Summit Stage ridership nears two million mark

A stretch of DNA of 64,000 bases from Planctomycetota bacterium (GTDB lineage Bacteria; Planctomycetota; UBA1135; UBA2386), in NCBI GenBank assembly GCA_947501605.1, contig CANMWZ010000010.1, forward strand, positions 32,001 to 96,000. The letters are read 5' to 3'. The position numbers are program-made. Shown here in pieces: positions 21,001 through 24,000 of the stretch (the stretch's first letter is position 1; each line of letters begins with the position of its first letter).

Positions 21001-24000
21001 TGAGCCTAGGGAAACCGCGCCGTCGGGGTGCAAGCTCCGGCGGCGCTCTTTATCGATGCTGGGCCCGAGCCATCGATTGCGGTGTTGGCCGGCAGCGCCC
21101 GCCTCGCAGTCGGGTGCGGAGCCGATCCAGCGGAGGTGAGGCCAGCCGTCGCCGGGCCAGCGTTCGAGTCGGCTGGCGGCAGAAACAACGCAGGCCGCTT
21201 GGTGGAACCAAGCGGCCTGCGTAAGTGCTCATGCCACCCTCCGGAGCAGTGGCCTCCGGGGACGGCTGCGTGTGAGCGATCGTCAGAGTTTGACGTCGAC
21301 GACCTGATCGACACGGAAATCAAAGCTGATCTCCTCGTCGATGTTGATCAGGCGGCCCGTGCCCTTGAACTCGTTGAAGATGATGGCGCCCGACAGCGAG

SUMMIT COUNTY So far, the new Summit Stage Swan Mountain Flyer route connecting Breckenridge, Keystone and Arapahoe Basin hasn’t met ridership expectations, Stage director John Jones said, summarizing operations for 2006.The resort-to-resort service was touted as potentially one of the busiest routes for the Summit Stage. Jones said backers of the new route projected up to 10,000 to 15,000 passengers per month. But during December, just 4,500 people used the service, Jones said. To date in January, the Flyer has carried about 1,600 passengers, he added.Jones said he expects the number to rise as awareness of the route increases. The Stage is currently planning to boost its marketing for the Swan Mountain Flyer, he said.Breckenridge Ski Area operations vice president Rick Sramek, who also serves on the Summit Stage board, said he doesn’t recall any specific mention of projected ridership numbers in that higher range. Sramek said there was somewhat of a misconception about the nature of the run between resorts. Along with serving tourists, the route also is important for resort employees commuting between the two sides of the county. Sramek said after-hours use of the service has been strong.There was some controversy when the Stage initially was considering the route, as a private local taxi service complained about government subsidized competition.Jones said the recent controversy over the move to drop a pair of Frisco Main Street stops as part of direct Frisco to Breckenridge died down after service was partially restored with hourly service to Main Street. Jones said he’s only heard from handful of people since the changes were made last month.Overall, the Summit Stage saw passenger numbers climb by 4.8 percent in 2006, up to 1.99 million riders. With any sort of growth this year, that total should climb above the 2 million mark for the first time.The busiest route in the county was the Silverthorne to Keystone stretch, with 549,402 passengers. Jones said 401,000 passengers rode Summit Stage buses between Frisco and Breckenridge in 2006.The last time the passenger count declined was in 2002-2003, Jones said. Since then, ridership grew by 10 percent two years in a row, then by 8 percent the following year.High gas prices during the summer pinched the budget for a while, but the drop in fuel costs late in the year narrowed the group’s budget gap. Jones said the Stage went over budget by $100,000, but that was a smaller deficit than projected, based on fuel prices.Later this winter and into spring and summer, a consultant will take a wide-angle look at Stage routes and scheduling, Jones said. Bids for the study close Jan. 26 and Jones is hoping to have the consultants on board by March 1. A draft final report is due July 31 to be followed by public hearings through the month of August.”We can’t grow at the rate we have been without making some changes,” Jones said, explaining that general development and activity in the county affects the Summit Stage along with everyone else.Summit Stage board meetings are held at 8:15 a.m. the last Wednesday of the month at the Summit County Community and Senior Center at the County Commons.Bob Berwyn can be reached at (970) 331-5996, or at firstname.lastname@example.org.
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